Toronto Wants To Tax OOH Industry More Than Its Revenue

Gail Chiasson, North American Editor

Sometimes you have to wonder about city governments and that of Toronto – Canada’s biggest city – is certainly no exception.

For months now, two separate city committees have been dealing with a new proposed by-law and a proposed tax on the out-of-home industry. (See our June 14 article.) And for more than a year now, the Out-of-Home Marketing Industry of Canada – whose members include Astral Media Outdoor, CBS Outdoor, the Outdoor Broadcast Network, Pattison Outdoor and Titan Outdoor – has been trying to consult with the committees to come up with an agreeable solution for all sides.

When it heard that the city wanted to levy an estimated $10.4 million tax targeting the outdoor players, OMAC hired an independent research house to look at the situation and recommend what would make sense. It prepared and delivered three submissions in Oct. /08; Feb./09 and at the end of March that detailed the issues that needed to be addressed and provided recommendations for resolution.

And other than a few basic meetings – “during which there was no consultation,” says Rosanne Caron, OMAC president – there was no response. OMAC heard that the city was hiring an economist to do its own study, as well, but there was also no publication of the findings.

Now, in all its wisdom, the two committees as one have put everything together and on Nov. 4 plan to arbitrarily impose a new by-law, without any consultation with the industry, which includes new taxes, increased fees and the introduction of new fees and regulations OMAC believes are punitive, unrealistic and unfair.

Until now, OMAC has kept relatively quiet on the situation, trying to resolve the situation peacefully, but, yesterday (Oct. 28/09), after receiving a copy of the report, with no attachments to justify the city’s reasoning or recommendations, Caron and OMAC members are, you might say, ‘fightin’ mad.’

“What they are submitting will cripple the out-of-home industry,” says Caron. “It’s scary to see the city going down this path. It will hurt advertisers. It will hurt the city’s own finances. It will hurt small leaseholders. And it will hurt charities who depend on the OOH industry to publicize their efforts.”

One of the chief beefs by OMAC is the $10.4 million tax, still included in the report. That number, says OMAC, is 25% higher than OMAC members total annual earnings of $8 million before deducting interest and taxes and three times the amount recommended in the 2007 Hemson Report. No economic basis for this tax has been presented and only 20% of the tax collected is for administration and enforcement of the new by-law.

“Right now, the city already collects an annual revenue of $36.8 million through its current leases and small private lease holders collect $28.4 million,” says Caron. The Report includes new taxes, increased fees and the introduction of new fees and regulations OMAC believes are punitive, unrealistic and unfair. The draft by-law will severely damage the out-of-home industry, its many dependent stakeholders in Toronto and ultimately reduce income to the City in the form of rent and taxes. OMAC members represent 90% of the outdoor advertising revenue generated in the City of Toronto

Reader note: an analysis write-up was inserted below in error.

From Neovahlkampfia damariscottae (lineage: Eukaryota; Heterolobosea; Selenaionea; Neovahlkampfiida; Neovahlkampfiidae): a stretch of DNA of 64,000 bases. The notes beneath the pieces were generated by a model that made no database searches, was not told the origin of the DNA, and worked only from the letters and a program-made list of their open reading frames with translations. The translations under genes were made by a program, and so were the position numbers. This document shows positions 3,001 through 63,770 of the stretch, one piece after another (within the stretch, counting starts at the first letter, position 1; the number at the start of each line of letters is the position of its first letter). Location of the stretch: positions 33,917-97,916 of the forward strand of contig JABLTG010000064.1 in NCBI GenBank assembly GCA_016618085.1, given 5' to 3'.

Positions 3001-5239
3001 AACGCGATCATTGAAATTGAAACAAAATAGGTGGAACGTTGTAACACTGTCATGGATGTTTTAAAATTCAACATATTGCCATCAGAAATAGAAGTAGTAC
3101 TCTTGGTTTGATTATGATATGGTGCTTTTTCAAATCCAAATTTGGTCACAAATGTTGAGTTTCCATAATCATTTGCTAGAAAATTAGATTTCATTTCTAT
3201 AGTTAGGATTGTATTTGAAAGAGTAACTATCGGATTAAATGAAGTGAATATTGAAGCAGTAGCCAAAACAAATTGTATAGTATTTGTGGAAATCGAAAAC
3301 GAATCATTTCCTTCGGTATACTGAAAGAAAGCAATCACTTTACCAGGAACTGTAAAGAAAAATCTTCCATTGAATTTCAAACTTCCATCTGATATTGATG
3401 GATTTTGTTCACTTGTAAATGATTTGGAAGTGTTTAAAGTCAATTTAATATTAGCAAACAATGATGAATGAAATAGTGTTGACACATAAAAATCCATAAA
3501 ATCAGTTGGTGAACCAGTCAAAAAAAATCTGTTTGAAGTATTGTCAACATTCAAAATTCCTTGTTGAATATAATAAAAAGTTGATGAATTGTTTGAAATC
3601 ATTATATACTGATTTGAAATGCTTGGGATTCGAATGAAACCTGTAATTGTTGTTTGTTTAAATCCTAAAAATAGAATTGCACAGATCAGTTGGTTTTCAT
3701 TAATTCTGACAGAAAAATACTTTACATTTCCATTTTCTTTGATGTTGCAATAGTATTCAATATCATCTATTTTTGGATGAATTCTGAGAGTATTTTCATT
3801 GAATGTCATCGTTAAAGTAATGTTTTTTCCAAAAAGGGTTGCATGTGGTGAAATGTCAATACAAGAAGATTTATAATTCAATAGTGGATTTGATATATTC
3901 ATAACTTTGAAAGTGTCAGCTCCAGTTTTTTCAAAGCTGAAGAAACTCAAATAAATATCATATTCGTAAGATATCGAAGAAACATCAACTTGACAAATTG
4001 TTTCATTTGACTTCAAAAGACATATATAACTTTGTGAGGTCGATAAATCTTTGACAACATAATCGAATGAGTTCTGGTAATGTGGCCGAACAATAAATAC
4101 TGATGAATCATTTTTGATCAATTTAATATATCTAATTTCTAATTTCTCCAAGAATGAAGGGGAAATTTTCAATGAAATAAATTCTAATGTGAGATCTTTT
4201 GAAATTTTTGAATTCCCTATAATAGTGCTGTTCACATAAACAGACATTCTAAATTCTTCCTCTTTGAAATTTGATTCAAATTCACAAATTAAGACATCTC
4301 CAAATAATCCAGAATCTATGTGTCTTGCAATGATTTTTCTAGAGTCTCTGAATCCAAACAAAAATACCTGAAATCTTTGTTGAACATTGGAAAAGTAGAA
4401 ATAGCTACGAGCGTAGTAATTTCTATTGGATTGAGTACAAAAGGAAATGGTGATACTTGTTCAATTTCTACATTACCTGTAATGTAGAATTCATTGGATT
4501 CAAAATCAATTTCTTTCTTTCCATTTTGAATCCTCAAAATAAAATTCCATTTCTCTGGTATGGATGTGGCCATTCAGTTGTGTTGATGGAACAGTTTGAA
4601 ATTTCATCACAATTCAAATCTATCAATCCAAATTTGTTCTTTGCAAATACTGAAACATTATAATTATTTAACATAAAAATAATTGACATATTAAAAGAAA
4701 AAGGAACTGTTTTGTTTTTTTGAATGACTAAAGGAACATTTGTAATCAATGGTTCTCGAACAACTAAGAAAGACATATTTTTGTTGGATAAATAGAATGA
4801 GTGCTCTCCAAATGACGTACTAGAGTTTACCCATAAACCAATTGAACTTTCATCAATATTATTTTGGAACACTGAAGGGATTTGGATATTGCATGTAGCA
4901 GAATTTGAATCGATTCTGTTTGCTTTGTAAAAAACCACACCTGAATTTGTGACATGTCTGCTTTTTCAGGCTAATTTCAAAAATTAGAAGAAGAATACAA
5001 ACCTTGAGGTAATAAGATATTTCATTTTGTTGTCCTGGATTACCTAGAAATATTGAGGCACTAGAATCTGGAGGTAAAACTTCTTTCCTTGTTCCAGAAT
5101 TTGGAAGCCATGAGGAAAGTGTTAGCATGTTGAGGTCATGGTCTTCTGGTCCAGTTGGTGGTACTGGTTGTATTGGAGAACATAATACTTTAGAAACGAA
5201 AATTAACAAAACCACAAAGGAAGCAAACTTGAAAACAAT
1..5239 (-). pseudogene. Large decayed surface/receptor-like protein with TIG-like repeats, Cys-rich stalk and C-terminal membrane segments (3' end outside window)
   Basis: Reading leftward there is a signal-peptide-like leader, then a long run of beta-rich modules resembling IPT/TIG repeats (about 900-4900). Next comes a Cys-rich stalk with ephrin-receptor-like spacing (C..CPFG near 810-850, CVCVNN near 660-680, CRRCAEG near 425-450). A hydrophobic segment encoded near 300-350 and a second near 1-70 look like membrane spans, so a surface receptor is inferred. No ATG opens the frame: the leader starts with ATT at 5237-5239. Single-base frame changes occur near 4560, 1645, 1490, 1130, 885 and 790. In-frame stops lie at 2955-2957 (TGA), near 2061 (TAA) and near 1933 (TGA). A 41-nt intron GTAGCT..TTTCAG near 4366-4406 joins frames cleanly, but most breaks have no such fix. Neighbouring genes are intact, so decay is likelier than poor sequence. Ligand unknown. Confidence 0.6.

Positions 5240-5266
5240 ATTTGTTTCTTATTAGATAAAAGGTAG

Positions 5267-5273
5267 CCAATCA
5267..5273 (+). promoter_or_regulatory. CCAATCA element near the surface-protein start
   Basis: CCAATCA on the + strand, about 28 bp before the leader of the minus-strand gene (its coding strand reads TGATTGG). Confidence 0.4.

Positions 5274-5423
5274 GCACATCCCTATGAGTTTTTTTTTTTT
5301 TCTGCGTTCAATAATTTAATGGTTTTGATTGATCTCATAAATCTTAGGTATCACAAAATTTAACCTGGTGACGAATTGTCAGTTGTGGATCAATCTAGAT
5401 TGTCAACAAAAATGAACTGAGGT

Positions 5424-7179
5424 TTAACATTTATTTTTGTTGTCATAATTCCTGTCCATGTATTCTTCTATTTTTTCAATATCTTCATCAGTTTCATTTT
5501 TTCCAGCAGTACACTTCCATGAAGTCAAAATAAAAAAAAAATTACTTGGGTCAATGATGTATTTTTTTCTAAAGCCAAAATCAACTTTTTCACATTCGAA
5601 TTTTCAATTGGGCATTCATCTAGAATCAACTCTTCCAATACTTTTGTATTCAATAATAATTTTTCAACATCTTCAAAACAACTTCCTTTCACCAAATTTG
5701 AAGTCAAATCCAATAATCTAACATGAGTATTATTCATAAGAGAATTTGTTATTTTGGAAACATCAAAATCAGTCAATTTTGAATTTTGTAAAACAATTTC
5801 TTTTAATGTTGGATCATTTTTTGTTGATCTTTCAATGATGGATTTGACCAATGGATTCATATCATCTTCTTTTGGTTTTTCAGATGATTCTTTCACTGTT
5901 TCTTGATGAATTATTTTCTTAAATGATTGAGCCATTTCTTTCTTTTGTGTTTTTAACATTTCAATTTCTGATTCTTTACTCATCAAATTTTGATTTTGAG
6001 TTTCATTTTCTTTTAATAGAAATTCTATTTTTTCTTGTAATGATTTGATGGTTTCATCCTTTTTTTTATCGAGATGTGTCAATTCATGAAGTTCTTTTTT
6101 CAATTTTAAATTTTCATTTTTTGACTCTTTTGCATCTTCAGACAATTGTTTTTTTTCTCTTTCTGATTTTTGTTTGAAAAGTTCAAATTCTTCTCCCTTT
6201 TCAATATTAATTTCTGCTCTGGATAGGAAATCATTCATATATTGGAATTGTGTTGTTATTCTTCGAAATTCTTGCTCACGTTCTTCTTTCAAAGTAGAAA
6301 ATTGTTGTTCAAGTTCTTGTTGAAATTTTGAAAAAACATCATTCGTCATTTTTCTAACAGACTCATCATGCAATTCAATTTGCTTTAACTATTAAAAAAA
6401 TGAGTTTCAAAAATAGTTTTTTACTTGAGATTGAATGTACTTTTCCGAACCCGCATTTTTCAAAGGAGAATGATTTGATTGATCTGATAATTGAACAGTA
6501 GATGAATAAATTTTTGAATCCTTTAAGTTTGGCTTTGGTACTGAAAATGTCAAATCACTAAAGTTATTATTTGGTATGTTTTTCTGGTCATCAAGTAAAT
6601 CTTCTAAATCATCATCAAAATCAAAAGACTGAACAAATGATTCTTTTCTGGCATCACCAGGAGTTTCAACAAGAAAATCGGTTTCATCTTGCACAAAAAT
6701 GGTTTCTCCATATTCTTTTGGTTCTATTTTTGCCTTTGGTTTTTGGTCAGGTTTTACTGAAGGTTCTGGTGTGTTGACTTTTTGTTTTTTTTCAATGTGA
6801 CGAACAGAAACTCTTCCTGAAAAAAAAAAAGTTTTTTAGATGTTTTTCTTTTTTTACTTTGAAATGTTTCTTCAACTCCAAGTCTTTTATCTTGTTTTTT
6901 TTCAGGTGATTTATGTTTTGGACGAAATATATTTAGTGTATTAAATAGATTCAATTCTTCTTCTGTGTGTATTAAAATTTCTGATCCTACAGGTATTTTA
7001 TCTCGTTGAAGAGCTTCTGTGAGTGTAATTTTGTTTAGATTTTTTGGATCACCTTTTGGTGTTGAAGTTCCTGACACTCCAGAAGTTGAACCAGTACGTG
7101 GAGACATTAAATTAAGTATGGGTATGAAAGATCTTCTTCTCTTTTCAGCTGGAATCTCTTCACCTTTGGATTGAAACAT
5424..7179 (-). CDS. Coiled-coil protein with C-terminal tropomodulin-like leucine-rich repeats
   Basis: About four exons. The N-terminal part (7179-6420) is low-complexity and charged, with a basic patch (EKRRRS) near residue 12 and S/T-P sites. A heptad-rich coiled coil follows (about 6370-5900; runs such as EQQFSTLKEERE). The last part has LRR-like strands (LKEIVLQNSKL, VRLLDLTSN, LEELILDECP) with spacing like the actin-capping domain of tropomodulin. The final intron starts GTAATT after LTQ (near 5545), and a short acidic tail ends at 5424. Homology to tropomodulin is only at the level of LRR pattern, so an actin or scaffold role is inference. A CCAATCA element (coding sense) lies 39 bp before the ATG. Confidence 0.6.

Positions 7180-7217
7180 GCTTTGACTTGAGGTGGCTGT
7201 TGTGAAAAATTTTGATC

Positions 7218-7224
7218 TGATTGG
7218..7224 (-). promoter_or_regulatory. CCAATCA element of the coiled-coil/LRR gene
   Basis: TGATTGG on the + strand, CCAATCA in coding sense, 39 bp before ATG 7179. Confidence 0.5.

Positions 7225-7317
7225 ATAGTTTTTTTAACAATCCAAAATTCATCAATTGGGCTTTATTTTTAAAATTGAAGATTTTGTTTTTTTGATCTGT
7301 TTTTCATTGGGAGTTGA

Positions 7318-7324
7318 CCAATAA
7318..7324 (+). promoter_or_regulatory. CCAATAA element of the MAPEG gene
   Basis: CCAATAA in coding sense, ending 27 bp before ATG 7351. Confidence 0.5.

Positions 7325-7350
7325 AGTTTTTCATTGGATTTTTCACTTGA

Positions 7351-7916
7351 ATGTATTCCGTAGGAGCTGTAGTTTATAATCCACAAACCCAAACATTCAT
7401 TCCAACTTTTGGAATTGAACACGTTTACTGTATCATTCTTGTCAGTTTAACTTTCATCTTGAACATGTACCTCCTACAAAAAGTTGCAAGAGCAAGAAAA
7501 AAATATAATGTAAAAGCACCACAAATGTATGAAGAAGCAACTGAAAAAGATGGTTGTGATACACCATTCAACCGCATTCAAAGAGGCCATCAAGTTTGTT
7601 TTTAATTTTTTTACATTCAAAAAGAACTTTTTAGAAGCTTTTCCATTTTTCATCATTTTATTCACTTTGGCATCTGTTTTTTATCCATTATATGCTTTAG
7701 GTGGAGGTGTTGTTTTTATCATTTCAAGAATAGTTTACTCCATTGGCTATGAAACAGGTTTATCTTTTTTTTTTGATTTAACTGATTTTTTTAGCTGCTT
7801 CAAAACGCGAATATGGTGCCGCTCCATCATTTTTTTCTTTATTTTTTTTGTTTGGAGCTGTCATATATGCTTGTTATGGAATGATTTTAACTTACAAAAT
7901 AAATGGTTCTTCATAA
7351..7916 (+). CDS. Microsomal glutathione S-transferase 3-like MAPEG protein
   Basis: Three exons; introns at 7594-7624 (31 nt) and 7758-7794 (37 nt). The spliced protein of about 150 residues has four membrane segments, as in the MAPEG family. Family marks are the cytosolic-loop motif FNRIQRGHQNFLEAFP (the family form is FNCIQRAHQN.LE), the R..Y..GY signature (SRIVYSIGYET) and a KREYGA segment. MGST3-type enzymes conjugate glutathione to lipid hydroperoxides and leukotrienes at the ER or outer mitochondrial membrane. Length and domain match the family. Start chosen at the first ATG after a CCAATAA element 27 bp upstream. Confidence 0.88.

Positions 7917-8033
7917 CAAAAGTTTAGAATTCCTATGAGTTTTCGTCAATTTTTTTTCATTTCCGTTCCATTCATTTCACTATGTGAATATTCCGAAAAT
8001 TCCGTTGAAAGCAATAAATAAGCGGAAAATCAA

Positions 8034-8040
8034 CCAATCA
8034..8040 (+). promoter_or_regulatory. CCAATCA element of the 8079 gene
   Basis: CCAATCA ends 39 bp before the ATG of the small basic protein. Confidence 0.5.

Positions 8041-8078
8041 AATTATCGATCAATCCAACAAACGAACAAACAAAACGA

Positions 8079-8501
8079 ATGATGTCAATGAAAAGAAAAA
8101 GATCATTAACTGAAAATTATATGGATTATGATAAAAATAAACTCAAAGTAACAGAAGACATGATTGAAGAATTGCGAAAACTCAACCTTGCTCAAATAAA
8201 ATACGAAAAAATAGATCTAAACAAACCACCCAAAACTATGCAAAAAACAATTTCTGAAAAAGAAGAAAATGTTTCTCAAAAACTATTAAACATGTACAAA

OMAC has requested the City of Toronto sign by-law project team defer presentation of its draft by-law to the Planning and Growth Committee scheduled for Nov. 4 and enter into meaningful discussions with out-of-home media companies about an appropriate by-law.

When we talked to Caron today, there had yet been any more contact from the city, nor has there been any response to our own call to the Chief Building Officer who heads the city’s committee. (We’d like to present their thoughts and will do so if we get a response. Ed.)

Interestingly, Toronto’s Mayor David Miller has publicly stated there would be no new taxes!

“We are disappointed the City sign by-law project team chose to shut the industry out of a proper consultative process and is pushing forward with new untested rules and new unsubstantiated taxes that may devastate the industry financially and put at risk significant revenue earned by the City of Toronto as well as many small businesses,” said Rosanne Caron,

OMAC recently sent letters of concern to Toronto Mayor David Miller on September 15, 2009 and to the sign by-law project leader on October 5, 2009. Caron says that neither letter received a response.

“This is not a fair, open or transparent process,” says Caron. OMAC is requesting a deferral of one month to enable all stakeholders to properly review the proposed sign by-law report and for the Planning & Growth Committee to hold a special meeting in December to deal with the matter.

OMAC’s position on the City of Toronto’s proposed harmonized sign by-law and billboard tax can be seen at

One Response to “Toronto Wants To Tax OOH Industry More Than Its Revenue”

  1. Canada calling Says:

    more on this from someone who could be accused of bias 😉

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